Besides their excellent mimicking sounds, Blue Jays make a variety of other noises. These range from harsh and loud cries that warn of danger, all the way to beautiful chirping sounds. Blue Jays are clever songbirds and can learn new sounds too.
14. Blue Jays Are Noisier in Fall Than in Spring
Although you might expect these songbirds to be singing out cheerfully in springtime, they are mostly quiet. This is because spring and summer are nesting seasons and Blue Jays want to remain secretive. However, come fall, these birds will loudly make themselves heard as they forage for food.
15. Blue Jays Can Lower Their Crest
The bright blue crest on their head is an iconic part of the Blue Jay’s look. However, they can lower and raise these crests at will. When Blue Jays are feeding peacefully with their family, you will notice that their crest is lowered.
16. Blue Jays Can Live Very Long
The average Blue Jay lives to be about 7 years old. Nevertheless, there have been many instances recorded of Blue Jays living much longer than this. The oldest known wild Blue Jay lived 26 years and 11 months.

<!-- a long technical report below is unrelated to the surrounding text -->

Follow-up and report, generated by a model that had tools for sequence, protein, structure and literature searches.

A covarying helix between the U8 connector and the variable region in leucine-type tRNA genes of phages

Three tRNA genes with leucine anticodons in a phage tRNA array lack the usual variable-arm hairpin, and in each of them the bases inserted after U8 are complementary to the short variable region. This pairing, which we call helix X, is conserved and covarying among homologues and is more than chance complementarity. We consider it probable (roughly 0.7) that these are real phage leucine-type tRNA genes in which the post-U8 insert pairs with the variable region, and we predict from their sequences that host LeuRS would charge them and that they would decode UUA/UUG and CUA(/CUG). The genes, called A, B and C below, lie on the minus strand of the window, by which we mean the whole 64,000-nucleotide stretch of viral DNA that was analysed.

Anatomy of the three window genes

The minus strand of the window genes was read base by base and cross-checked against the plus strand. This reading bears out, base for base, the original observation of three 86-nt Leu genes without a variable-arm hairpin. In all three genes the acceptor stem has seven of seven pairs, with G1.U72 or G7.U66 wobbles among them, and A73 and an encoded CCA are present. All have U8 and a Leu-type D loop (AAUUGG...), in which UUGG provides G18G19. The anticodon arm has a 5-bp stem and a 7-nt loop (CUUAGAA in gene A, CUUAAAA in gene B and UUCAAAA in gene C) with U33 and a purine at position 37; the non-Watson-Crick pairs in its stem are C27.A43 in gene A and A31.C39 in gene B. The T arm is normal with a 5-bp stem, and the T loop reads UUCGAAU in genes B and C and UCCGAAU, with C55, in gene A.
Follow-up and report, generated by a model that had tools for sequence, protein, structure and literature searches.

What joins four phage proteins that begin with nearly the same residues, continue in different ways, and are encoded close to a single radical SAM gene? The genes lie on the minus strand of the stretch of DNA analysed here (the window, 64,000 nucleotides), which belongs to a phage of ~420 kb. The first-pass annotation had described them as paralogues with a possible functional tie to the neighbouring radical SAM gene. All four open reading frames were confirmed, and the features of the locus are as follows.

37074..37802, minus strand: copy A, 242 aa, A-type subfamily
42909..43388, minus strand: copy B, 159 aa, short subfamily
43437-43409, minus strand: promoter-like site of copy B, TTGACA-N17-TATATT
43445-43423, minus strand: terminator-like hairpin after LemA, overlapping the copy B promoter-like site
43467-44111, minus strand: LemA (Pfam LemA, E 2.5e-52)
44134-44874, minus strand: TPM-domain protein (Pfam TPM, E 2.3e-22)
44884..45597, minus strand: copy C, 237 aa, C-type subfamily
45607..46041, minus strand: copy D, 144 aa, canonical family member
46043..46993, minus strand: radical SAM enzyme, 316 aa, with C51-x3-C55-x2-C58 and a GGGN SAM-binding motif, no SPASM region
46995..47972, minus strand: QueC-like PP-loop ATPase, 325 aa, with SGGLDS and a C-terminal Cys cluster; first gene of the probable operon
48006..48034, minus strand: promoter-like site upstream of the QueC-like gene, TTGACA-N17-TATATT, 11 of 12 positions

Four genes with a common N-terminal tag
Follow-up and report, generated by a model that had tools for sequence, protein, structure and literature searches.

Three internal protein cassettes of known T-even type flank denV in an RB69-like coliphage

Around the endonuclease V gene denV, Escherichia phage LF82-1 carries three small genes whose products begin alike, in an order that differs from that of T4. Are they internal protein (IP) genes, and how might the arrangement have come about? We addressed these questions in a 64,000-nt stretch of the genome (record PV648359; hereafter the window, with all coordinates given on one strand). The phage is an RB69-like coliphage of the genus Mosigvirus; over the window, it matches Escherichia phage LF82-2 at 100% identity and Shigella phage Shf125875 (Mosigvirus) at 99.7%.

17. Blue Jays Fly Slowly
Compared to other birds, Blue Jays don’t fly very fast. Their normal flight speed is about 20-25 mph. This makes them easy prey for birds like hawks, which is why their mimicking alarm sounds are so important.
18. Blue Jays Are Omnivores
These birds mostly eat grains, nuts and fruit, but they don’t mind munching on the odd insect too. If you’re trying to lure Blue Jays to your backyard, try putting peanuts and sunflower seeds on a tray feeder.
19. Blue Jays Rub Ants on Their Feathers